This week has been rich for top contributions.
The first one is from Andrew Wilkinson for his response to the article: ‘Leftfield’ life insurance idea could provide answer for ‘badly served’ later life borrowers.
Wilkinson said that what surprises him is that there is an assumption across all the comments made that later life borrowers’ life insurance needs are not already being discussed with clients when they are entering into mortgage arrangements.
He added: “Why should this be described as a ‘leftfield’ idea? If as Dave Jones says mortgage applications are actually being turned down because of the risk of one of the borrowers dying and the lender’s concern that the remaining borrower might then be unable to afford the mortgage repayments the obvious next step would seem to be to investigate whether life insurance terms are possible and at what potential cost.
“Maybe later life mortgage specialists should be linking up with specialist life insurance advisers who would be able to perform this function for the mortgage advisers on behalf of them and their clients.
“In particular such advisers should have real specialisation in dealing with customers with health conditions given that many of the potential borrowers will have picked up pre-existing health conditions which are likely to affect life insurance applications sand premium rates.
“Such life insurance advisers specialising in customers with pre-existing health conditions do exist. I know because I happen to be one myself and our firm, Moneysworth have been helping such customers for years and we do not conduct business in any other area of financial services except life, critical illness and income protection.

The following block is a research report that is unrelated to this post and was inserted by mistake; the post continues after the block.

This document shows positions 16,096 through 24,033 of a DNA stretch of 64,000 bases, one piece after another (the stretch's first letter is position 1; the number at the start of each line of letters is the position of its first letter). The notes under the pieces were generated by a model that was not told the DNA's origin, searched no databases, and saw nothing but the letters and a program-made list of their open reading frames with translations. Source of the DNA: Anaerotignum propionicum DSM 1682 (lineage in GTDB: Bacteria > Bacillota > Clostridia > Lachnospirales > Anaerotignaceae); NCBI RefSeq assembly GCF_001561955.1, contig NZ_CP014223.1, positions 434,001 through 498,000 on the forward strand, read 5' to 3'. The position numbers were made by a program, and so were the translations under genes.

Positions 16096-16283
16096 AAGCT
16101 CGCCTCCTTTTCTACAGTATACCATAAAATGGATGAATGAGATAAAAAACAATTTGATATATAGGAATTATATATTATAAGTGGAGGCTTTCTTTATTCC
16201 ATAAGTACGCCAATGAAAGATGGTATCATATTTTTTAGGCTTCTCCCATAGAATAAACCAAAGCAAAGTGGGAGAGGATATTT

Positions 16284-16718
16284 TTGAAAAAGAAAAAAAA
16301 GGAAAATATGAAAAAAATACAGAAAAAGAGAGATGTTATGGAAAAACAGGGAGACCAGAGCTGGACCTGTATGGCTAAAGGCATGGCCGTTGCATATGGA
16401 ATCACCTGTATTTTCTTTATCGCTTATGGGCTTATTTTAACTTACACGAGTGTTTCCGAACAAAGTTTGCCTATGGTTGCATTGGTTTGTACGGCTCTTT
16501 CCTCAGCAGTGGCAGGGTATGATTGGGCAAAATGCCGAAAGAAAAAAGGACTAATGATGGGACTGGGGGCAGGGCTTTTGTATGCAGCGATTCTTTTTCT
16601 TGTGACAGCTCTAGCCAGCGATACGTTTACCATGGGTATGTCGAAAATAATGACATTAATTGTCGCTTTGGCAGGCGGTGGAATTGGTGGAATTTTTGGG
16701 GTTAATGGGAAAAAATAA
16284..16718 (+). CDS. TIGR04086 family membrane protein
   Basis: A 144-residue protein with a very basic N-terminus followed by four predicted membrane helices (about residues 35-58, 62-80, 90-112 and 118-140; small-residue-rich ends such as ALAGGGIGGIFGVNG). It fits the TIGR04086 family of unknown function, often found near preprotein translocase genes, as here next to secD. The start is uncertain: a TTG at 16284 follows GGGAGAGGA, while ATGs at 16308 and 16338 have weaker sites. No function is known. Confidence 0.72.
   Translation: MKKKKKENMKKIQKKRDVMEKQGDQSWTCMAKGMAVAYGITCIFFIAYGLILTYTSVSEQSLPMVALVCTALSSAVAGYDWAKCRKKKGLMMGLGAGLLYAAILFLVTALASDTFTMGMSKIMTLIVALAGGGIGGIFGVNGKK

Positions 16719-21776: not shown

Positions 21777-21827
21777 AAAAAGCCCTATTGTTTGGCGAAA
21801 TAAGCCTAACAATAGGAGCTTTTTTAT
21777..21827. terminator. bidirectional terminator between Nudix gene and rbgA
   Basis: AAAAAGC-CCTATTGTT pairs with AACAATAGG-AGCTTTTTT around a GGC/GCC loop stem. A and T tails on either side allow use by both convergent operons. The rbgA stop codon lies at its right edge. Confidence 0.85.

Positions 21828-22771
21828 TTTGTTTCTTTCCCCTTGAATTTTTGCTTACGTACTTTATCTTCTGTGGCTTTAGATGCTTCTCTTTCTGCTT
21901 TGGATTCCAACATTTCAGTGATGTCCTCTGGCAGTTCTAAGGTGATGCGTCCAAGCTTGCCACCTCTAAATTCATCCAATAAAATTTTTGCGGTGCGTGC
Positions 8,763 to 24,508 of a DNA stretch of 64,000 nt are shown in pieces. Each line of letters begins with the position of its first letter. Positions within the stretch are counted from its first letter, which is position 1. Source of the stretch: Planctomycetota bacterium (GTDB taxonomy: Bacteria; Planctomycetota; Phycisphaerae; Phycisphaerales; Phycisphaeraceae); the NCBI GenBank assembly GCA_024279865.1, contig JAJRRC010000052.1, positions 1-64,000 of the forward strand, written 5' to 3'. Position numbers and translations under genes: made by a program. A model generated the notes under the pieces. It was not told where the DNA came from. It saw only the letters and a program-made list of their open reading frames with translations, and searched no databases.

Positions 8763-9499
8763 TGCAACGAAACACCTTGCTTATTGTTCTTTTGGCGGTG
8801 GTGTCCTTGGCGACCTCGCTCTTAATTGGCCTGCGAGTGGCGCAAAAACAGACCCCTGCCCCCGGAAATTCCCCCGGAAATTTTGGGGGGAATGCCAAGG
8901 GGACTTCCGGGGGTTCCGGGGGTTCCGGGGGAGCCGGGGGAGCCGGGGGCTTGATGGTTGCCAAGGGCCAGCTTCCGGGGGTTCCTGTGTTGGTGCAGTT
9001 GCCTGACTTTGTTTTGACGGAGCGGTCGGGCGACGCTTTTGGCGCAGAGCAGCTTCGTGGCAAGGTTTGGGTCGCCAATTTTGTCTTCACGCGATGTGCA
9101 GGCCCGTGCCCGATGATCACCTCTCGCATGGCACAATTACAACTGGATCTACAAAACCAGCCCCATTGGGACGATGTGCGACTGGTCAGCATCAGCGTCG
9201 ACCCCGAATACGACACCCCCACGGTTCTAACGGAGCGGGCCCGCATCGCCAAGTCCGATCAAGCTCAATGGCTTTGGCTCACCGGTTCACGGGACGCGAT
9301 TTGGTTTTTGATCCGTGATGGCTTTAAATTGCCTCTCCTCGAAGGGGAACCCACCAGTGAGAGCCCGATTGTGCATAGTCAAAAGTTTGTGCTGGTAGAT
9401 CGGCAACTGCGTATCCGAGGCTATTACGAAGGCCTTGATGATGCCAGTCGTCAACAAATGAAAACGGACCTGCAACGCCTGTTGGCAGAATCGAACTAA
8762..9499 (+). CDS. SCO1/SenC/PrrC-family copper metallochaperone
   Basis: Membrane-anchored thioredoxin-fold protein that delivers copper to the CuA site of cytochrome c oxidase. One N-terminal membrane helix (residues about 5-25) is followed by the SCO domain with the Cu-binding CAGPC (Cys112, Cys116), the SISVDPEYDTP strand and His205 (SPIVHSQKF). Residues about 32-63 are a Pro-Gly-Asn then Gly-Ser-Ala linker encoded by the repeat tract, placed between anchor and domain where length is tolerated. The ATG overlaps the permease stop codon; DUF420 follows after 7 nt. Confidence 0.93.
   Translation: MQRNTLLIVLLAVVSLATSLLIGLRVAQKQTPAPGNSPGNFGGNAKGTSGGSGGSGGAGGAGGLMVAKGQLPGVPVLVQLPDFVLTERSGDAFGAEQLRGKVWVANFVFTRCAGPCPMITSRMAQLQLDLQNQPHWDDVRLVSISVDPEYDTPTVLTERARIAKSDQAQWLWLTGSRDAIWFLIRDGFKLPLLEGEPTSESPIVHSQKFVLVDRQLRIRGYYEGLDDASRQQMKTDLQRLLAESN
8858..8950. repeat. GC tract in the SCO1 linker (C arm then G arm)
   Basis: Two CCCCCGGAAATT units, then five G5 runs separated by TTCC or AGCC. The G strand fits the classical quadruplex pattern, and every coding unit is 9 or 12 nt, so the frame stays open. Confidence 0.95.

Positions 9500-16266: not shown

“We are not the only such firm and we have been working with advisers on introduced cases for a few years now. So please feel free to come and talk to us or a firm like us. Maybe look up these hashtags #singpostingtospecialists #accesstoinsurance.”
Another contribution comes from Andy Wilson for his response to the article: Potential fee ban: ‘Devastated mortgage brokers’ in Oz offered mental health support.
Wilson said that if UK brokers received mental health counselling every time significant changes occurred, the health and wellbeing specialists would have had 15 years of boom time.
He added: “FSA regulation in 2004, financial crisis 2007/08, the credit crunch, collapse of lenders who relied on securitisation, huge FCA costs, life insurance gender equalisation 2012, Home Information Packs, buy to let tax changes, European ESIS documents – the list goes on.
“But being British, we simply soldier on and take it in our stride. And for those that have seen off all of the above challenges and more, now is a boom time for us, not the mental health specialists. Tally Ho chaps, and throw us another shrimp on the barbie.”
Our last contribution comes from Christopher Hall to the same article.
He said that if the UK scrapped proc fees I do not see how this would benefit anyone except the larger mortgage lenders.
He added: “Clients would have to pay more to use the services of a Mortgage Broker and there is no guarantee that this would be reflected in the interest rate offered by the mortgage lender.
“When all said and done a Mortgage Lender either has to pay a broker to do the mortgage or one of their own staff. The thought of Mental Health support is most amusing.”